Nature Communications has recently published a report on the development of an ultrafast tunable metamaterial, based on gallium arsenide nanoparticles, by an international team of Researchers from Moscow State University (Russia), Sandia National Laboratories in Albuquerque (USA) and Friedrich-Schiller University in Jena (Germany).
This new optical metamaterial makes room for ultrafast information transfer on the nanoscale.
A semiconductor-based metamaterial tuned by ultrashort laser pulses. (CREDIT: Maxim Shcherbakov)
Optical metamaterials are man-made media that attain unusual optical properties because of nanostructuring. For almost twenty years, Researchers succeeded in designing a plethora of metamaterial-based devices, ranging from those hiding objects to those sensitive to minute concentrations of substances. However, upon fabrication, metamaterial properties remain fixed. The team of Engineers and Physicists have devised a way to turn metamaterials "on" and "off," and do it extremely fast, more than 100 billion times per second.
The metamaterial was fabricated by the team from a thin gallium arsenide film by electron-beam lithography with subsequent plasma etching. The material is made up of an array of semiconductor nanoparticles capable of resonantly concentrating and holding light on the nanoscale. This also means that when the light illuminates the metamaterial, it gets trapped inside the nanoparticles and interacts in a more efficient manner with them.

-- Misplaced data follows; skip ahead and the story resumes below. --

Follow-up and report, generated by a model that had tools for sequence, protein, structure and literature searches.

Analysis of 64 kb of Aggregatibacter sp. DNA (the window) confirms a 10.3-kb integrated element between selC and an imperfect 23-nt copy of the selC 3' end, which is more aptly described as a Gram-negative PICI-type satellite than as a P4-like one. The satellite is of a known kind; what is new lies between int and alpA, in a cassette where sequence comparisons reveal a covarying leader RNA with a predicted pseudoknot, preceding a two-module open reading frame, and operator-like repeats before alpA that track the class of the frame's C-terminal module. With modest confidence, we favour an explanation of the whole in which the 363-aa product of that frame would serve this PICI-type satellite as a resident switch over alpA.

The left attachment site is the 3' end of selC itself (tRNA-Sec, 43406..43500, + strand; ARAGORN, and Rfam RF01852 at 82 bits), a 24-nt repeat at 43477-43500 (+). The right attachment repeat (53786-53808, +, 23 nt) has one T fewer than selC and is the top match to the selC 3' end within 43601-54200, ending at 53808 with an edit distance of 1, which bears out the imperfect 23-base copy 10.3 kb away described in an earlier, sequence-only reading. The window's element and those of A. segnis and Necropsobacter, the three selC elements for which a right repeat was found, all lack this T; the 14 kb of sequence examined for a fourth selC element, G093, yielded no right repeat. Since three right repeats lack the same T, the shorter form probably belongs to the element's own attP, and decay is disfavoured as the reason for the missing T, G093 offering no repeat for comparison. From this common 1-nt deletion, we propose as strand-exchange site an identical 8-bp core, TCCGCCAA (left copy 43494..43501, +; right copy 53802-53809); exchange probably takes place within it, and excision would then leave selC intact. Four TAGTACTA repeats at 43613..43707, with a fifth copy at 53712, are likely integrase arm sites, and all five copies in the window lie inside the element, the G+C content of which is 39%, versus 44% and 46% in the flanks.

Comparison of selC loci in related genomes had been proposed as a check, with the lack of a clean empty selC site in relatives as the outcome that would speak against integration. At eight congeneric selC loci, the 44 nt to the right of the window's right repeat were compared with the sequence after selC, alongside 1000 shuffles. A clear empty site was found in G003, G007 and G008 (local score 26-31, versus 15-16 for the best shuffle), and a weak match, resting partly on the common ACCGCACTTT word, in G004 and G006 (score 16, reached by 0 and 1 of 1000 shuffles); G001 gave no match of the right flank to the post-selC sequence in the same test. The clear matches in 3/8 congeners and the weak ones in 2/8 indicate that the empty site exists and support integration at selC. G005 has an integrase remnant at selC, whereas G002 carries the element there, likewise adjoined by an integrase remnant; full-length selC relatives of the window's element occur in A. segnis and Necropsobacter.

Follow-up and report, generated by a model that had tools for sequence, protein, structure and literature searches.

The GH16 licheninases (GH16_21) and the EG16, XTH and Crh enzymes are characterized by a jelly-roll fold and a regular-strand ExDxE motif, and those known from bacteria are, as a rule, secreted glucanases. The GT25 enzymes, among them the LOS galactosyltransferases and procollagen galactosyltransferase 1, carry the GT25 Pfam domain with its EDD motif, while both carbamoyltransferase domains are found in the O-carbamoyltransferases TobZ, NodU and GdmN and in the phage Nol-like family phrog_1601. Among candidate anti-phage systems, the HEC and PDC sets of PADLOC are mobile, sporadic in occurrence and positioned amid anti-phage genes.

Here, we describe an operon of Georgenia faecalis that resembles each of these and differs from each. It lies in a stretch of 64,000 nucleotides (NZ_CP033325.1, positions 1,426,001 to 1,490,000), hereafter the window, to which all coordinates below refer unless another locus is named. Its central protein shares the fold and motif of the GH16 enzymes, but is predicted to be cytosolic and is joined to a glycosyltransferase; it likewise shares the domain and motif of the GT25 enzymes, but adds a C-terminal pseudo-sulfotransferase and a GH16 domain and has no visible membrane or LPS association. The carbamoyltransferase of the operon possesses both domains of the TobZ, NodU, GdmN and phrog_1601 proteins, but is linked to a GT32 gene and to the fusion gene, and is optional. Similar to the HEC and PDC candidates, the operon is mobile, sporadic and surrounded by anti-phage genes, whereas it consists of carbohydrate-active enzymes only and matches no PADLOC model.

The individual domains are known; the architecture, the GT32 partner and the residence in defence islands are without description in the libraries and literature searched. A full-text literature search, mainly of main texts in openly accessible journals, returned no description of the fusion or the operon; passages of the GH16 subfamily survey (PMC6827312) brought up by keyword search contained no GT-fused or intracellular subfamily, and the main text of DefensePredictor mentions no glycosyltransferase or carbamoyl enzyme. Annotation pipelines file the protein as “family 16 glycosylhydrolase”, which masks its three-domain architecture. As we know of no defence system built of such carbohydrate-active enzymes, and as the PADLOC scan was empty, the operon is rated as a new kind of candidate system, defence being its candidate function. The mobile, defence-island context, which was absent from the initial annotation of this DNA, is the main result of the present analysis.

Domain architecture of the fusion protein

The working principle of the ultrafast tunable metamaterial is present in the generation of electron-hole pairs. The metamaterial is reflective in the steady state. The material is then illuminated by the team with the help of an ultrashort laser pulse, whose energy is used to produce electrons and electron vacancies- "holes"- in the material. The properties of the material are changed by the presence of holes and electrons: the metamaterial is thus no longer reflective. Within a split second, holes and electrons disappear by coming in contact with each other, and the metamaterial again becomes reflective. In this manner, it is possible to develop optical logic elements, thus making way for the development of ultrafast optical computers.
A part of the same collaboration provided details about a similar device based on silicon nanostructures in 2015. In their recent study, gallium arsenide was employed instead of silicon, which increased the effectiveness of controlling light with light in metamaterials by an order of magnitude.
The team’s work belongs to photonics, which deals with light and its usage in different applications. For example, in electronics electric currents help transmit signals, but in photonics, this is performed by light quanta. The research proves to be promising for the future as it will allow developing devices for information transfer and processing at speeds of tens and hundreds of terabits per second. The demonstration of extremely efficient tunable semiconductor metamaterials is considered to be a major step towards such information processing speeds.